Page:The Philosophy of Earthquakes, Natural and Religious.djvu/40
The Philosophy of
counts for that superficial movement of the earth, that universal instantaneous shock, which made every house in London to tremble, none to fall: That quivering, tremulous, horizontal vibration, highly different from any motion we must conceive, to be produced from subterraneous evaporations. Hence authors tell us, Dec. 30, 1739, describing ail earthquake in the west-riding of Yorkshire: It seem'd as if the earth mov'd backward and forward horizontally; a quivering, with reciprocal vibrations.
Mr. Flamsted rightly accounts the motion of earthquakes to be undulatory; and by being continued, causes a like motion to a great distance. As when you strike a long stretch'd string of wire at one end, the motion is immediately continued to the other. So far he entered into the nature of electricity.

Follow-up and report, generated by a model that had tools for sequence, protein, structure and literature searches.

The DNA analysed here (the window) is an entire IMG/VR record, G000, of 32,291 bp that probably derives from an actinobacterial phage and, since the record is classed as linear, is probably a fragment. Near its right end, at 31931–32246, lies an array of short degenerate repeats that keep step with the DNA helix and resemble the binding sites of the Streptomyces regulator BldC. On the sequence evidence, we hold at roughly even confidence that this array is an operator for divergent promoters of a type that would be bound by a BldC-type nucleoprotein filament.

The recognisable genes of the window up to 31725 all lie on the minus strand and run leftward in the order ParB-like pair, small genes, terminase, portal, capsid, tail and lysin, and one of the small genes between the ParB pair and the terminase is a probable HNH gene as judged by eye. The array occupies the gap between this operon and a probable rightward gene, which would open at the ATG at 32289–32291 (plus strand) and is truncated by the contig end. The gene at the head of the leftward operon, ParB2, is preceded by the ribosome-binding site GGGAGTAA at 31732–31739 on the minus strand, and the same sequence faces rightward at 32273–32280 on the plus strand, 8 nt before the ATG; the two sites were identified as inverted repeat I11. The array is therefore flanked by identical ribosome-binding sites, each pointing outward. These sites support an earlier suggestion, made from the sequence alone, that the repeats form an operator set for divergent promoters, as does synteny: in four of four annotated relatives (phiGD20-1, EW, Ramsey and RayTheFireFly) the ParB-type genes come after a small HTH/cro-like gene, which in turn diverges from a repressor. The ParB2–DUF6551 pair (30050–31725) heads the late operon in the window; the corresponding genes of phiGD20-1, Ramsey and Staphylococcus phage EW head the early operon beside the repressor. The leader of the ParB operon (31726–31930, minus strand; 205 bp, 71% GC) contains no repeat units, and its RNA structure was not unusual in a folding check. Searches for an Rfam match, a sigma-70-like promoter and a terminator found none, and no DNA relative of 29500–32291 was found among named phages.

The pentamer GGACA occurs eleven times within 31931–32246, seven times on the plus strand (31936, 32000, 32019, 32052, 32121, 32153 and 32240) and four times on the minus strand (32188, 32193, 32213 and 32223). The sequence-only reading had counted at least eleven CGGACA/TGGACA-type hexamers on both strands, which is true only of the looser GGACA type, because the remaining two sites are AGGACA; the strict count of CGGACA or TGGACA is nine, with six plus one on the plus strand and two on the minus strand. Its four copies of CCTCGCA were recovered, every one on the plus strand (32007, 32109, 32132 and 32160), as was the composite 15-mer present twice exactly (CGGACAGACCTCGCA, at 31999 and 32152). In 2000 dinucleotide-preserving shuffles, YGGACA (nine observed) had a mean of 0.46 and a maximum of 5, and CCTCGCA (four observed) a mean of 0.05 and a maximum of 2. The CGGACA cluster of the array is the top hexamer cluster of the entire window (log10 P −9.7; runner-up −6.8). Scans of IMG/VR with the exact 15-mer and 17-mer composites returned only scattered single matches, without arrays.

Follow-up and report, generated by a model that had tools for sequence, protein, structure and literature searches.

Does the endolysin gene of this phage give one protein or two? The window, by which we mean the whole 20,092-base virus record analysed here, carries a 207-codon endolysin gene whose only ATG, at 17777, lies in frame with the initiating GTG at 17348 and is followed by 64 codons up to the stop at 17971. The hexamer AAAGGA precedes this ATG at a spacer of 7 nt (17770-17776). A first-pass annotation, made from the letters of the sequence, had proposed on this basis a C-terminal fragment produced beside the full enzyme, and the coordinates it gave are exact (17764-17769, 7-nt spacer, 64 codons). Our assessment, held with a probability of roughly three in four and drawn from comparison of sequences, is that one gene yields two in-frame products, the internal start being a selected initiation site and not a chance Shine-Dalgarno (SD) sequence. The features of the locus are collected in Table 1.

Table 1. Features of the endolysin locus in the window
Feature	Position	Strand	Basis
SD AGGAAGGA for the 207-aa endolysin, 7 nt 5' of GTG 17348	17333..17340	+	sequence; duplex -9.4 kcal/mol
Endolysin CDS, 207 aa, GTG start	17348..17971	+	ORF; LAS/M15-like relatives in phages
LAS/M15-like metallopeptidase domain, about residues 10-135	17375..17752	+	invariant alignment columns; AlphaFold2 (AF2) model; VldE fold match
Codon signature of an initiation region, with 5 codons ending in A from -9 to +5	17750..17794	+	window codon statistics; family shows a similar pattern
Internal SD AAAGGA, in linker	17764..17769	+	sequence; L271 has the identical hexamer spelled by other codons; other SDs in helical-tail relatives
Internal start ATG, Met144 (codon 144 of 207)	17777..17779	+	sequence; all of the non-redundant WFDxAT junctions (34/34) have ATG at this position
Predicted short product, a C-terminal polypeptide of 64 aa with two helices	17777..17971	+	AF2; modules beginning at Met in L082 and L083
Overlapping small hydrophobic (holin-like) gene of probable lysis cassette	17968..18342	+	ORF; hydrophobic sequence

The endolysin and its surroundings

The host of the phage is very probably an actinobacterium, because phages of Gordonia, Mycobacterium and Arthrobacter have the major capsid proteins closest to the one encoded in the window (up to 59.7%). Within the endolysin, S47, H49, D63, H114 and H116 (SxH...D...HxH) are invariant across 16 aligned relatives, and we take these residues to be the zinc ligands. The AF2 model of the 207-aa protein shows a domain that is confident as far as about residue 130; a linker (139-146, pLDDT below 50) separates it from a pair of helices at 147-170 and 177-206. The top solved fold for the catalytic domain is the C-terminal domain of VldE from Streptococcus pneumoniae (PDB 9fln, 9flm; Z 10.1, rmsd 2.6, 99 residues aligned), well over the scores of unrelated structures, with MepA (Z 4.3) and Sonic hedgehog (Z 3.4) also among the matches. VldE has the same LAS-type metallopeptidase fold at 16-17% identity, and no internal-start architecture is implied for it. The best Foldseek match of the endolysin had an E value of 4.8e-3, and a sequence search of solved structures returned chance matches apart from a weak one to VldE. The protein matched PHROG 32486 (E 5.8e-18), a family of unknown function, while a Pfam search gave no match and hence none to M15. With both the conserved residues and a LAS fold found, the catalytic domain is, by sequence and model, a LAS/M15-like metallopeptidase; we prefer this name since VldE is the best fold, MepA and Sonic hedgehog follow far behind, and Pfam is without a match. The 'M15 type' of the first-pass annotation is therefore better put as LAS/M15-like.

Tho' he be in the right, thinking the cause comes from the air, yet what follows, contradicts his own hypothesis. For if a calm be necessary before an earthquake; then 'tis not produced by any turbulence in the air. Nor can we imagine that any aerial commotion, tho' it may shake windows, chimneys, and the like, shall reach 500 miles distance, split the solid earth, destroy whole cities, and cause those dire desolations we hear of.